As I said….

Apr 18 2011

Obesity as collateral damage: changing food industry behavior

I am a member of the editorial board of the Journal of Public Health Policy, which publishes research and commentary on matters that affect international public health.  Dr. Anthony Robbins, one of its editors, and I are calling on authors to submit articles that consider ways to change behavior—not, as is all too common, of individuals but of the food industry.

The journal has published many papers on obesity policies aimed at improving the diet and exercise behavior of individuals.  These may be necessary, but they are not sufficient.  It is now time to deal with the behavior of the food industry.  Food industry profits are

generated by capturing increasingly larger shares of the market and by selling the population more food – and calories –than it needs. In this marketing environment, obesity is collateral damage.

The food industry’s ultimately anti-social behavior – whether conscious or inadvertent – is spreading globally. In higher income countries, it is ubiquitous, whereas in places where people have less disposable income, it is but the camel’s nose under the tent.

Thus, effective strategies to reduce obesity may vary depending on penetration by the industry – and less developed nations may still have more opportunities to avoid obesity, by getting ahead of the curve.

How are countries to do this?

Efforts to control obesity will have to enlist the public to focus on behavior, with a shift from a sole focus on citizens to a new one on the behavior of food corporations…We cannot eliminate the food industry to reverse the obesity epidemic, but we can constrain its anti-social behavior…We encourage authors to reach beyond the kind studies of policies on eating and activity that we receive so frequently.

We have come to believe that research studies concentrating on personal behavior and responsibility as causes of the obesity epidemic do little but offer cover to an industry seeking to downplay its own responsibility.

Instead, we urge authors to submit articles that consider how to understand and change the behavior of the food industry.

As a starting point for thinking about how to approach this topic, we ask: does the industry need to overfeed the population to remain profitable?

Have ideas?  Write them up and submit them to JPHP.  There is no deadline.  The journal will consider submissions whenever they arrive, but sooner is better than later.

Apr 16 2011

Some thoughts on not using food stamps for sodas

This morning I received an e-mail query from Jan Poppendieck, author of three truly outstanding books that I often use in classes:

Q.  I am collecting opinions on the proposal to ban use of SNAP (food stamp) funds for buying sodas.  What do you think of that idea?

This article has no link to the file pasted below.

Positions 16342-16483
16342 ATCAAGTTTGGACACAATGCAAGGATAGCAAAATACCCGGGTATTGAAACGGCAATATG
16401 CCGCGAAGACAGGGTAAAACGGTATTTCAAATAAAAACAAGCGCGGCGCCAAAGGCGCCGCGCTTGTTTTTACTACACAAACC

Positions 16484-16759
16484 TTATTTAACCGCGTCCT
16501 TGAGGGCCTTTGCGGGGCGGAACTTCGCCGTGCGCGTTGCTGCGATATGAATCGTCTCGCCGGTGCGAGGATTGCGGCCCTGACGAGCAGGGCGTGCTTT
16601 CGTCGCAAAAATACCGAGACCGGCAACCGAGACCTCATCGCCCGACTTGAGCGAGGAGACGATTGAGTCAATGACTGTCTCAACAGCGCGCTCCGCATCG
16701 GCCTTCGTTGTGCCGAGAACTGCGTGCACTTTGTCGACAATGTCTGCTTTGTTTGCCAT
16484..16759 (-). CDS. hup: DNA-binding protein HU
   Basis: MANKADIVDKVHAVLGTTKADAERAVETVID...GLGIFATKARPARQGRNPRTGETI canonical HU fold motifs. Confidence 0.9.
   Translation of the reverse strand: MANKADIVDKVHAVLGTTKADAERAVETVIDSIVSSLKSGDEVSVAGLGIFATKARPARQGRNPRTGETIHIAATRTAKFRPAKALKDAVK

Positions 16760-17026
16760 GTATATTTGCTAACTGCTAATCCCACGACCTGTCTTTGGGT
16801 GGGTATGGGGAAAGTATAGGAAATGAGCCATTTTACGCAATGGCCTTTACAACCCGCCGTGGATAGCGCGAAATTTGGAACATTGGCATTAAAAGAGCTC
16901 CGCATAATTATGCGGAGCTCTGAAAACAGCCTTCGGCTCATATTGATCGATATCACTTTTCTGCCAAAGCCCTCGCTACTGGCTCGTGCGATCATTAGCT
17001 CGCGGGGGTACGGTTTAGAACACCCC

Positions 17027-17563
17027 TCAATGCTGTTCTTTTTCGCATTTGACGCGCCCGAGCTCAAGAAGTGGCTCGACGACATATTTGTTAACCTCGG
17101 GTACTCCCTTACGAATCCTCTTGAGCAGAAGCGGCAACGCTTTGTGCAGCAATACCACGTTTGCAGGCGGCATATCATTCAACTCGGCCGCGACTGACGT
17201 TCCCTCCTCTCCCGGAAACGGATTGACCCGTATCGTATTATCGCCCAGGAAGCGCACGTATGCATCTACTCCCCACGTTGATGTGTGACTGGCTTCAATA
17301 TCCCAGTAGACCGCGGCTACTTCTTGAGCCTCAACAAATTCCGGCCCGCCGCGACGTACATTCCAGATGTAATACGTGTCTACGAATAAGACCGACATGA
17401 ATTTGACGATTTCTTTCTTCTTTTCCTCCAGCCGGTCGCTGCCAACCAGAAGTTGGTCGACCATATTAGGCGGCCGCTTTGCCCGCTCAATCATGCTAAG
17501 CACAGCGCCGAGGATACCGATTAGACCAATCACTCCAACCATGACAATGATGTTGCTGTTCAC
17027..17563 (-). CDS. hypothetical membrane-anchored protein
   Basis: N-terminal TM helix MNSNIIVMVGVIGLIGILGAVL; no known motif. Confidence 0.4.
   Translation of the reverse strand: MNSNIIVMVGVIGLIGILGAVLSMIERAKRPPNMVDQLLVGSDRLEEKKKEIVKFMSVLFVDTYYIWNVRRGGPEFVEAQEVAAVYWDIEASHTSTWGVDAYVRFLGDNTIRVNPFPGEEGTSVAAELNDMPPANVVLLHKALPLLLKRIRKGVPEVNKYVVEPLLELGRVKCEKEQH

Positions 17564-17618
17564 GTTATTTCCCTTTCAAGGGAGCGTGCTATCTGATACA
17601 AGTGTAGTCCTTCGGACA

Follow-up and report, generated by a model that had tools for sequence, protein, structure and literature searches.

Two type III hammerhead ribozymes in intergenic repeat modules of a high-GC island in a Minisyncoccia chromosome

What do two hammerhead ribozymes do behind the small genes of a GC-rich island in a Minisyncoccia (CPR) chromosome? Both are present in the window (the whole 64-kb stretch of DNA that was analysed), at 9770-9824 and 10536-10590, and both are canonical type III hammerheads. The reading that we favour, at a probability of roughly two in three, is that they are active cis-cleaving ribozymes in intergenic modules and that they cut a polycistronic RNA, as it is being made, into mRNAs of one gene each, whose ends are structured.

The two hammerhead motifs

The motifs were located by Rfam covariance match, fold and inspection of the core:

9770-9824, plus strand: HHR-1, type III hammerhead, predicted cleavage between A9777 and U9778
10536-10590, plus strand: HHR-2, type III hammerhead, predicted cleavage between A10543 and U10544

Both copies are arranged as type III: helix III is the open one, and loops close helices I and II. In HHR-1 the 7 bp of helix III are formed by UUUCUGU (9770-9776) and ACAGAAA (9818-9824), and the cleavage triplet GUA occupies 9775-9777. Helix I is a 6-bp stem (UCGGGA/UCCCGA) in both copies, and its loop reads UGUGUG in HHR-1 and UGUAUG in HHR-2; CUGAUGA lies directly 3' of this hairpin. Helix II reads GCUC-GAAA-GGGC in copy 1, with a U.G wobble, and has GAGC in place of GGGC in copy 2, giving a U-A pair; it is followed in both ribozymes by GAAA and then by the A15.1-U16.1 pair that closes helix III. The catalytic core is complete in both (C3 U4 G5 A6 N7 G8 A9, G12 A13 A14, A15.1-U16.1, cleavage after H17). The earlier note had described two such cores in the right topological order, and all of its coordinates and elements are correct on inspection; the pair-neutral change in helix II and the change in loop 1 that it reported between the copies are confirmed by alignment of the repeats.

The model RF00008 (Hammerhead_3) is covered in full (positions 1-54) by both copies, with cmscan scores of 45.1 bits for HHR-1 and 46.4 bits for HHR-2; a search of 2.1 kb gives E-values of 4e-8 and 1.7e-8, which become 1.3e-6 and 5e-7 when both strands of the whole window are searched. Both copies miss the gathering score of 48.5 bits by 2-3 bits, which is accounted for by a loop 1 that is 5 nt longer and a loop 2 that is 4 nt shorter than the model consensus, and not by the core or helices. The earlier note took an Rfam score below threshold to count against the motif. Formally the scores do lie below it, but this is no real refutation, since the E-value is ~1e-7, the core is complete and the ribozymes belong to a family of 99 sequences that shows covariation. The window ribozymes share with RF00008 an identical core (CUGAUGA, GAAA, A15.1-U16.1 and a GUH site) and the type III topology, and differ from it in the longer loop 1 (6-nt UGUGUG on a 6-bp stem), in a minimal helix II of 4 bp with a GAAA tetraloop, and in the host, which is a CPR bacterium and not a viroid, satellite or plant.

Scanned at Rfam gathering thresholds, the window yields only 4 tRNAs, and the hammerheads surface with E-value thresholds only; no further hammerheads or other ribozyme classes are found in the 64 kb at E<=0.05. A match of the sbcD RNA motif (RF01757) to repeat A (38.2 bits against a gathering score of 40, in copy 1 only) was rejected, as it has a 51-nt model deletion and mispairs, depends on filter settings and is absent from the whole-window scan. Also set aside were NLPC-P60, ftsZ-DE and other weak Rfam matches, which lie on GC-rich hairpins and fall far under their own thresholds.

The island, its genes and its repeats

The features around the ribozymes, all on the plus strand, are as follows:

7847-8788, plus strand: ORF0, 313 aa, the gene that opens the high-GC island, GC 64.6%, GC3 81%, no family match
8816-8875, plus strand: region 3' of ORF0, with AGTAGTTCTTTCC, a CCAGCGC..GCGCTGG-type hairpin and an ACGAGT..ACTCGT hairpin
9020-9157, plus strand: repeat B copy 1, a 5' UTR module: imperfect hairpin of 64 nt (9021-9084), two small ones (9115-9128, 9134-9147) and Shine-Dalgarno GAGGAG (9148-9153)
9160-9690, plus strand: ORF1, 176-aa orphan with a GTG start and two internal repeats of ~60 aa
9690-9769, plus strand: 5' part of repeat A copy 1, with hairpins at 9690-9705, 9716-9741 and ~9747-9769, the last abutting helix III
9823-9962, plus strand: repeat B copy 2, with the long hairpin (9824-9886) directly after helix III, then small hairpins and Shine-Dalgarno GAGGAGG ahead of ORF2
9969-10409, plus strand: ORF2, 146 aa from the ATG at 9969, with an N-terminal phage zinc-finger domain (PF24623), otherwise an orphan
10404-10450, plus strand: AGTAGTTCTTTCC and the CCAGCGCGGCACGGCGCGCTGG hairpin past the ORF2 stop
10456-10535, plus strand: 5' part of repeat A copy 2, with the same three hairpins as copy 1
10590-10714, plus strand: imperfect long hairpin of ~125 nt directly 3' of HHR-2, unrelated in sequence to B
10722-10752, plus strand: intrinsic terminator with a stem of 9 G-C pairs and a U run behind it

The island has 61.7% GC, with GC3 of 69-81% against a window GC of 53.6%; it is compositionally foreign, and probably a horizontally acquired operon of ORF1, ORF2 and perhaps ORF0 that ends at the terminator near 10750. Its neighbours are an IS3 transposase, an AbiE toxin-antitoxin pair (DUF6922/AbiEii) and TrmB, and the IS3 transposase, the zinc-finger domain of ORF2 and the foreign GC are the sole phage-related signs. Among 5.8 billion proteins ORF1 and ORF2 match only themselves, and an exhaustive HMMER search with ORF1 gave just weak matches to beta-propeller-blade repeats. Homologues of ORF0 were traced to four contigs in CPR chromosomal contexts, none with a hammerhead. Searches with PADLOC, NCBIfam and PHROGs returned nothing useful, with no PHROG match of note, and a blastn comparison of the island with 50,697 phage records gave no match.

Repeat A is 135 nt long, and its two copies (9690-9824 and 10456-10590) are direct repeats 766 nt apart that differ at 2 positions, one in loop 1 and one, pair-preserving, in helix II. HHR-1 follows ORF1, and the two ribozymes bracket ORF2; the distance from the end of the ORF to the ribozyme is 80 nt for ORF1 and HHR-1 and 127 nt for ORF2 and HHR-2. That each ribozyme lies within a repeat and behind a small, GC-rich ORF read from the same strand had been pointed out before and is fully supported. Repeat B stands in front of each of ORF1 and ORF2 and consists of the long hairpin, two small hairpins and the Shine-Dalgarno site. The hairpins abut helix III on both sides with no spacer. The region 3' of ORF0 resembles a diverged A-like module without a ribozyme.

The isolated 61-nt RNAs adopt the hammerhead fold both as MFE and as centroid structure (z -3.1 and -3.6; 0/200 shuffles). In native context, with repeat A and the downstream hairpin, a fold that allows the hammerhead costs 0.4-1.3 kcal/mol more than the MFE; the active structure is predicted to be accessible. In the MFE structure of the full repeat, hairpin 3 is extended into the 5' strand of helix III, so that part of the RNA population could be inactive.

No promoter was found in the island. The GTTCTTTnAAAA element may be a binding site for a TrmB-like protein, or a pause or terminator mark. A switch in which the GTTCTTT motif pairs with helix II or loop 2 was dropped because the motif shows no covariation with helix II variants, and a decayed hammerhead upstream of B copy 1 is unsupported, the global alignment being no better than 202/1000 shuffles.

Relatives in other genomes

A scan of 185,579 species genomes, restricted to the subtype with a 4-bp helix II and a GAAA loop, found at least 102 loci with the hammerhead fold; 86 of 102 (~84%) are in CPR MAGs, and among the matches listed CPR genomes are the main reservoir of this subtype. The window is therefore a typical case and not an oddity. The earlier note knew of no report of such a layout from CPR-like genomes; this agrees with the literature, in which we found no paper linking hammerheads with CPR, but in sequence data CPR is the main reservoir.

A.  I started out deeply uncomfortable with the idea of the soda ban but I now support it.   The discomfort came from my general discomfort with telling people what I think they should be eating. I never comment on what individuals eat (and I hope you won’t comment on what I eat). My work deals with nutrition for populations, not necessarily individuals. So banning sodas at first seemed to me to be too personal an approach.

But I changed my mind for several reasons:

  • The increasingly strong evidence that sugary drinks predispose to obesity
  • The disproportionately higher rates of obesity among the poor
  • The suggestive evidence that sugars in liquid form are especially predisposing to obesity
  • The comparison of the SNAP approach (the benefits can be used for most any food) with that of WIC (the benefits only work for a restricted number of foods)
  • The focus of soda companies on marketing to children and youth in low-income areas
  • The lack of grocery stores in low-income areas
  • The intense marketing of sodas to children and youth in developing countries
  • The increasingly successful efforts of soda companies to co-opt health professional groups with partnerships, alliances, and grants
  • The astonishing amount of money and effort used by beverage companies and associations to fight soda taxes and, no doubt, this idea as well

Soft drink companies have gotten a free ride for years.  They moved into schools and created an environment that makes it socially acceptable for children to drink sodas all day long.  If sodas are now under scrutiny for their role in obesity, it is because soda companies are reaping what they have sown.

 

 

Apr 15 2011

Why partnerships with food companies don’t work

Michael Siegel, MD, MPH, a Professor at the Boston University School of Public Health (whom I do not know), has been mailing me copies of his recent blog posts on partnerships between food corporations and health organizations, particularly the American Academy of Pediatrics (AAP), the American Academy of Family Physicians (AAFP) (see my previous posts), and the American Dietetic Association (ADA) (see my previous posts on this one too).

Dr. Siegel’s current post discusses two reasons why these partnerships do more for the food companies than they do for the organizations:

1. Coca-Cola and other Big Food companies are using these partnerships to enhance their corporate image, and therefore, their bottom line: sales of unhealthy products that are contributing towards the nation’s obesity epidemic.

In its 2010 annual report, Coca-Cola writes: “…researchers, health advocates and dietary guidelines are encouraging consumers to reduce consumption of sugar-sweetened beverages, including those sweetened with HFCS or other nutritive sweeteners. Increasing public concern about these issues…may reduce demand for our beverages, which could affect our profitability.”